The most important example here is concerning the Apocalypse of John.

They both agree that it has been revamped by the Roman church for dogmatic purpose.

Bad tongues would say that Eysinga sees interpolations everywhere where it is useful for the radical hypothesis, but that's clearly a grave misunderstanding. In the case of the Paulinics, existence of posterior interpolations are solidly backed up by Marcion's version.

Beyond any doubt, the Apocalypse of John is full of Jewish elements. But also pagan motives are detectable. The Jewish elements in those revelations are not genuinely Jewish, but part and parcel of the Judaisation of Christianity, in the sense of B. Bauer. Christianity started out as an antijudaistic movement, in the sense of reversing conventional reading of the Tanakh. Lohmeyer saw an inner consistency in the Apocalypse of John that makes it impossible to see it as a patchwork. The observation is correct, but this does not exclude that various traditions have been used.

Dependence on the Tanakh and its prophets is obvious. And then the general apocalyptic mood, which was not confined to Judaism. It must be noted here that apocalyptics was not part and parcel of mainstream rabbinic Judaism. The Tanakh is not used for backing up claims and interests of the author, not even as a retreat of a pious Jewish soul, but uses the Tanakh in an almost secular manner. A syncretic cultural knowledge is absolutely undeniable, allusions to Parthian, Babylonian, and the like myths are obvious. This reminds us to universally literate church fathers like Justin Martyr and Clemens Alex.

The Tuebingen scholars errantly took John's revelations as a judeochristian counterweight to Paul's epistles.



vdBvE's arguments for dating John's Apocalypse circle around

1.       Presence of characteristically Montanist topics.  [This has also been noted in J. Raskin's postings about Tertullian as main editor/redactor of the New Testament in the JesusMysteries discussion group. -ks]

2.       Antignostic (esp. Basilides) polemics

3.       Sense for orthodoxy, implausible for earliest Christianity

Phrygia is the plausible homeland of Montanism, and the Attis cult is a particularly fertile ground for Montanistic Christianity which got off the ground around 160.

Montanists were known for ethical rigor that got lost in Roman Christianity time after time, while having been essential in the earliest beginnings of Christianity. The decay was obviously necessary for pragmatic purposes of a mass religion.

Montanists were convinced of the end of the world soon to come. Chastity and (intentional) martyrdom are other Montanist topics relevant for the Apocalypse.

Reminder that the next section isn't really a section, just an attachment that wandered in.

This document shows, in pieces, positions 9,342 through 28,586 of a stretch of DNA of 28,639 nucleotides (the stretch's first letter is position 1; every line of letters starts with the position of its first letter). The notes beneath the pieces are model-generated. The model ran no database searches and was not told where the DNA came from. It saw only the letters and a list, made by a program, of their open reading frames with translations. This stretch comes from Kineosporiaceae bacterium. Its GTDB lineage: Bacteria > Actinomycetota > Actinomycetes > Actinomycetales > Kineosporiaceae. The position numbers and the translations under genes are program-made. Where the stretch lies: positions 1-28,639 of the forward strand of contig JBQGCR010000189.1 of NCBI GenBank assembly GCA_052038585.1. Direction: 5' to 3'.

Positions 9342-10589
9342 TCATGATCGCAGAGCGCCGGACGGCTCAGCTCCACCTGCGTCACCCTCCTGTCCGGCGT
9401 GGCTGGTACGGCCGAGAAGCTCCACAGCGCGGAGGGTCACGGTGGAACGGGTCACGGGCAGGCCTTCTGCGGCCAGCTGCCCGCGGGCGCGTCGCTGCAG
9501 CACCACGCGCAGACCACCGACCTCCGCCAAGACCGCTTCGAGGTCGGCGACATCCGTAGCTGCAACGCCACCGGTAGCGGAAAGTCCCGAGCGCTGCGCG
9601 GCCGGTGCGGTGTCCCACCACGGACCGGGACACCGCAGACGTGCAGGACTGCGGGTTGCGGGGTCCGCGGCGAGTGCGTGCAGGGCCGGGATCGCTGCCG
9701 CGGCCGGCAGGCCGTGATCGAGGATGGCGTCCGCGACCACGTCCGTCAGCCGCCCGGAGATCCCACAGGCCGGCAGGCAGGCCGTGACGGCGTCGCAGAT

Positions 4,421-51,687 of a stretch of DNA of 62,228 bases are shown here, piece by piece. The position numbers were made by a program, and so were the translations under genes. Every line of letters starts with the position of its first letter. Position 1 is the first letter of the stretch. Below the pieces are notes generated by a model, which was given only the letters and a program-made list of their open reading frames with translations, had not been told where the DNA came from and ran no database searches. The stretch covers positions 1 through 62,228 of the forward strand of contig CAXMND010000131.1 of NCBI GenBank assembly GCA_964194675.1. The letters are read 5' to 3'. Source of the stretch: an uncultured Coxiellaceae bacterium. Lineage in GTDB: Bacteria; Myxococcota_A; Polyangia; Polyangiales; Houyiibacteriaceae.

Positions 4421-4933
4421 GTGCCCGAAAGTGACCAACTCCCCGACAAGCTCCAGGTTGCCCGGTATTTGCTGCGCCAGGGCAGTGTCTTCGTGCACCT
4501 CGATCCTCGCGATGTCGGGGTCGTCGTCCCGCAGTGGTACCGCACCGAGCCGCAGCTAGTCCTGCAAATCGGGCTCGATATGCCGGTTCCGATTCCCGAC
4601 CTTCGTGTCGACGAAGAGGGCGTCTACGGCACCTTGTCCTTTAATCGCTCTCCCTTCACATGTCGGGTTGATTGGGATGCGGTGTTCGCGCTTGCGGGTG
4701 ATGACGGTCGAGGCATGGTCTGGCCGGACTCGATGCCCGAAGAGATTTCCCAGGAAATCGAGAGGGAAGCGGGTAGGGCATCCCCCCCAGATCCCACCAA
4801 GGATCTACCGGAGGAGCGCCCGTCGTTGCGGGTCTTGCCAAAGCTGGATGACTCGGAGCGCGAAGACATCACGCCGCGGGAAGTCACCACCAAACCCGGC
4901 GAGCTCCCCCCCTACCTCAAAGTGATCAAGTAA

The high value of martyrdom contrasts sternly with Basilidean view, where the suffering of martyrs is just punishment for sins, possibly in previous lives. There's no salvific value in it. Man is mortal and bound for death anyways, so there's no reason to call man's death a suffering for the Lord's sake. [Jesus's own suffering is denied in consequence, either by docetism or supposing that Simon of Cyrene died instead. Otherwise Basilides would have to allow that Jesus suffered justly for his personal sins! -ks]

According to Montanist Tertullian, those who deny to be Christians [for example in a trial as described by Plinius] also deny Christ, and thus don't deserve the attribute Christian. Only martyrdom may perfect Christianity. 

Montanists vigorously object to seeing the general resurrection as something that already happened, as done by Basilides, once again.

According to Gnosticism, an imperfect world musty be the work of a Demiurge, not the true God. When the Roman credo asserts a unique God, it does so exactly in refutation of Gnostic heresy. The Apocalypse of John underlines the catholic position against Gnostic dualism when emphasising the creative activity of God.

Basilidean theology is actually nihilistic. God is seen beyond any comprehension of existence that can be expressed in terms of human language and thinking. This contrasts sternly to the completely realistic sense for existence expressed in the Apocalypse which fixes existence in space and time.

The Realism of Roman Christianity is typically Roman. This is especially expressed in organisation and discipline of the church. Judaist thought is similarly pragmatic, and turned thus helpful for the goal of the Roman church, causing an absorption of seemingly Jewish topics into the Roman church.